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Why Notre Dame plays Navy

Notre Dame's relationship with the service academies is deeply rooted both on the football field and on the Notre Dame campus with ties dating back to the days of Knute Rockne.
Notre Dame first played Army on the gridiron in 1913 when Rockne teamed with his roommate, quarterback Gus Dorais, to stun the Cadets, 35-13. They were led by a revolutionary invention - the forward pass.
Five years later, Notre Dame signed a contract with the Armed Forces for Students' Army Training Corps (SATC) with some 700 students enrolling at the University.
About a quarter-of-a-century later, as World War II broke out and nearly two decades after the Irish first began playing the Naval Academy, the Army declined University of Notre Dame President Rev. Hugh O'Donnell's offer of the University's facilities. Thus, three months prior to the bombing of Pearl Harbor, the Naval Reserve Officers' Training Corps became the University's first "ROTC detachment."
Notre Dame was in desperate need of students as the war and its repercussions cut significantly into its enrollment. The Midshipmen School and the V-12 Program began at Notre Dame in 1943, and by mid-war, civilian undergrads totaled only about 250. The rest of the enrollment was dedicated to the training of naval officers.
So closely tied was the University to the Naval Academy that Notre Dame's football roster in 1943 included the "military status" of each player. Approximately 12,000 officers completed their training at Notre Dame from 1942-46. In 1947, an Air Force detachment was established on campus.
In 1946, Admiral Chester Nimitz - who had accepted O'Donnell's plea in 1941 - was presented with an honorary degree from Notre Dame. In 1947, Rear Admiral Cary Jones presented Notre Dame President Rev. John J. Cavanaugh with a commemorative plaque honoring Notre Dame's "efficiency, patriotism and cooperative spirit."
Rev. Theodore M. Hesburgh - Notre Dame's president from 1952-87, and a former Navy chaplain, by the way - was a strong proponent of the Notre Dame-Navy football series.
"The Notre Dame-Navy connection is very close," said Hesburgh, now 97, in 2013. "We're like a big family…They're always going to be on our schedule."
For the 88th straight year this Saturday at FedEx Field in Landover, Md., Notre Dame and Navy will square off on the football field. It remains today an enduring rivalry, albeit a one-sided affair for 43 years - from 1964-2006 - until Paul Johnson and Ken Niumatalolo defeated the Irish three times in four years from 2007-10.
It wasn't always one-sided. Rockne had been a proponent of playing Navy with the games alternating sites between Baltimore and Cleveland. Rockne's untimely death prevented him from ever taking a team to play Navy in Cleveland (which began in 1932, two years after Rockne's death).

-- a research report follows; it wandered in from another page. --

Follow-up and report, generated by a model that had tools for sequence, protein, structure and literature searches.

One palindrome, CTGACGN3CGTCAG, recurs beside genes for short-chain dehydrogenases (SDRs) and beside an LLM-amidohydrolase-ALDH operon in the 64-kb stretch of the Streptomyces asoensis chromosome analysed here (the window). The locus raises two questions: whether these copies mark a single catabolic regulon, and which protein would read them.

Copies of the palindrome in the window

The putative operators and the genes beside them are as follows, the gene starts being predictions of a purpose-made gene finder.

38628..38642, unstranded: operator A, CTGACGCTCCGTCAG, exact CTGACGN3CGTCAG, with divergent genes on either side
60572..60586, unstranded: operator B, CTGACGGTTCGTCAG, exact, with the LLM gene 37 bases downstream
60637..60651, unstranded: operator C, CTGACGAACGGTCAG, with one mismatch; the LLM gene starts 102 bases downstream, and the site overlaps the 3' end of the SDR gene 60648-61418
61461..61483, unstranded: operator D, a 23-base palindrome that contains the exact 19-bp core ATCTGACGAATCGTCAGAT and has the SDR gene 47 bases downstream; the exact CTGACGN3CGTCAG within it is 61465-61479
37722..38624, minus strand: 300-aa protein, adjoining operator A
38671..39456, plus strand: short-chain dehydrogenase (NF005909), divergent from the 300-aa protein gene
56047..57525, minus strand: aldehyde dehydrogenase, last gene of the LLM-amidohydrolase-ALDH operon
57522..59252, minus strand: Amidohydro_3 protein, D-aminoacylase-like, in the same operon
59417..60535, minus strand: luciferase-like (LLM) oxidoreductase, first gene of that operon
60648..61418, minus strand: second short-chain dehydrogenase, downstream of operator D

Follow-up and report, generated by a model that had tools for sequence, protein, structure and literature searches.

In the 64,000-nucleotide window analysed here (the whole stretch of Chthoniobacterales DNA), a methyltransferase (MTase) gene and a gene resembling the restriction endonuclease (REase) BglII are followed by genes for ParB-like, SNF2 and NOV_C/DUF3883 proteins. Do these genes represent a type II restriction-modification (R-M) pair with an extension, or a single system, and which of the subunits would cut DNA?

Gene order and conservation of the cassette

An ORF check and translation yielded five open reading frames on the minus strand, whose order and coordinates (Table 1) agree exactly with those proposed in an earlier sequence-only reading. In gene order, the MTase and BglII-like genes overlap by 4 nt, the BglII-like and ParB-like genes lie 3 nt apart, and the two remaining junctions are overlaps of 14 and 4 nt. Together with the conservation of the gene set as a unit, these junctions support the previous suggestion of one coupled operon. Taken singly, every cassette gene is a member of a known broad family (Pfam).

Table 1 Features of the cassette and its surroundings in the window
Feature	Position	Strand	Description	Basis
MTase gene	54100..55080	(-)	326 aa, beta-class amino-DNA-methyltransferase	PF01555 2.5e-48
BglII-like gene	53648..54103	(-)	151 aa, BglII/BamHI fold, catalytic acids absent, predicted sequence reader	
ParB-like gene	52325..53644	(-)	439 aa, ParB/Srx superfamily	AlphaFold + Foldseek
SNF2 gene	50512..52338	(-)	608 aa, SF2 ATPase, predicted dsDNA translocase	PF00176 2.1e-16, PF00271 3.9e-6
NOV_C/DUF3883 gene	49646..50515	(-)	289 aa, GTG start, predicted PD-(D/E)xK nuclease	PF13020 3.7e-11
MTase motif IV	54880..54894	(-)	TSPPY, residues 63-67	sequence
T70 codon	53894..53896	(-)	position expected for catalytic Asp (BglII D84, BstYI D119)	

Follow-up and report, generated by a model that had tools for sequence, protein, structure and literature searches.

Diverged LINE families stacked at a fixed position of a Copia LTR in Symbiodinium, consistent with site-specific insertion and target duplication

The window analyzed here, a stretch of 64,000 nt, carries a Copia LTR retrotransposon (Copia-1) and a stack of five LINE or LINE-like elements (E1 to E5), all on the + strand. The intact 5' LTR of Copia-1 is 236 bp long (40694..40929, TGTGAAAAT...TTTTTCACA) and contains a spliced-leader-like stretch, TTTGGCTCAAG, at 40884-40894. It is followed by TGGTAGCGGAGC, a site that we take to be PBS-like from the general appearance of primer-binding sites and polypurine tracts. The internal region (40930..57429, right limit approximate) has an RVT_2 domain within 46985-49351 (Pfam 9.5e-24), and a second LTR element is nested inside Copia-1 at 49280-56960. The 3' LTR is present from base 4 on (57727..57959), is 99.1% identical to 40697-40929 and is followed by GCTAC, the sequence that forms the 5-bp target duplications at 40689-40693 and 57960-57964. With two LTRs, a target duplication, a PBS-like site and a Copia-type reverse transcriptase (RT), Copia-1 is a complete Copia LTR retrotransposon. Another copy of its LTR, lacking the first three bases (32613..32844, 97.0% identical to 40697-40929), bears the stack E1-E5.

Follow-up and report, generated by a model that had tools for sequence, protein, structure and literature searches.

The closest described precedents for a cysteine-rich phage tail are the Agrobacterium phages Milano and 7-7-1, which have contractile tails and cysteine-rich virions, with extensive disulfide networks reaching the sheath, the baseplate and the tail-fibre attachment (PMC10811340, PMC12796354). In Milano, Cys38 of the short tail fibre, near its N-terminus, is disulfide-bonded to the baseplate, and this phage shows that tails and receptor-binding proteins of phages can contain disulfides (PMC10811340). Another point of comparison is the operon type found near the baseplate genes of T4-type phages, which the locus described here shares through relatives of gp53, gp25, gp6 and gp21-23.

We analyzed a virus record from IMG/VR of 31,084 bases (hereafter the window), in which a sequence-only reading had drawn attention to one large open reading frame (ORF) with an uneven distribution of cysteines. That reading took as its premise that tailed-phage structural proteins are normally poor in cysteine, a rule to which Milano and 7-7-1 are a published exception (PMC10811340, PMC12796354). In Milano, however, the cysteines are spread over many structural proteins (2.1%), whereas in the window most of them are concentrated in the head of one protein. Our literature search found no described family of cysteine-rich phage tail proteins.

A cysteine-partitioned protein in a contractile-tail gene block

During a four-game stretch from 1933-36, Navy won three times, sparking talk at the Academy that perhaps the Midshipmen should find a team to replace Notre Dame so as to assure "a more sturdy challenge." Notre Dame took charge of the series from that point, winning 17 of the next 19 with one tie interspersed.
Following the post-Frank Leahy era, Navy gained an advantage in the series. From 1956-63, the Midshipmen won five times, including in 1960 with Heisman Trophy-winning halfback Joe Bellino leading the way, and in 1963 with Navy quarterback Roger Staubach, another Heisman Trophy winner, directing a decisive 35-14 victory in Notre Dame Stadium.
Four decades of Notre Dame dominance over Navy began with the arrival of Ara Parseghian. Parseghian reeled off 11 straight victories. Dan Devine won six more. Gerry Faust claimed all five of his match-ups with the Midshipmen. Lou Holtz won 11 in a row. Bob Davie was 5-0 against Navy, and Tyrone Willingham won all three of his games against the Mids. Charlie Weis won his first two before the streak came to an end at 43 in 2007.
In October of 1986, the University unveiled the Clarke Memorial Fountain - just west of the library (and Touchdown Jesus) - honoring those affiliated with Notre Dame that had perished in World War II, the Korean War and the Vietnam War.
Over the years, venues for the Notre Dame-Navy game have included Soldier Field in Chicago, Giants Stadium in East Rutherford, N.J. (later replaced by the New Meadowlands/MetLife Stadium), JFK Stadium and Veterans Stadium in Philadelphia, Jack Kent Cooke Stadium in Raljon, Md., the Citrus Bowl in Orlando, Memorial Stadium and Ravens Stadium in Baltimore, and even Croke Park and Aviva Stadium in Dublin, Ireland.
"There's a tremendous story to tell when you talk about the relationship between Notre Dame and the Naval Academy, both on and off the football field," said former Notre Dame athletics director Kevin White in 2005. "There's been a great history and tradition involved in this rivalry over the years."
"I'm pleased to have been able to continue the series, which is a highlight for our student-athletes and fans every fall," said Chet Gladchuk, the Naval Academy's director of athletics.
"Whether we visit South Bend or the game is played on the East Coast, it is of great interest to our collective national audience of Irish fans, Naval Academy Alumni, and the Navy family at large. Two institutions with similar values rekindling a lengthy and well-respected relationship make this game special."
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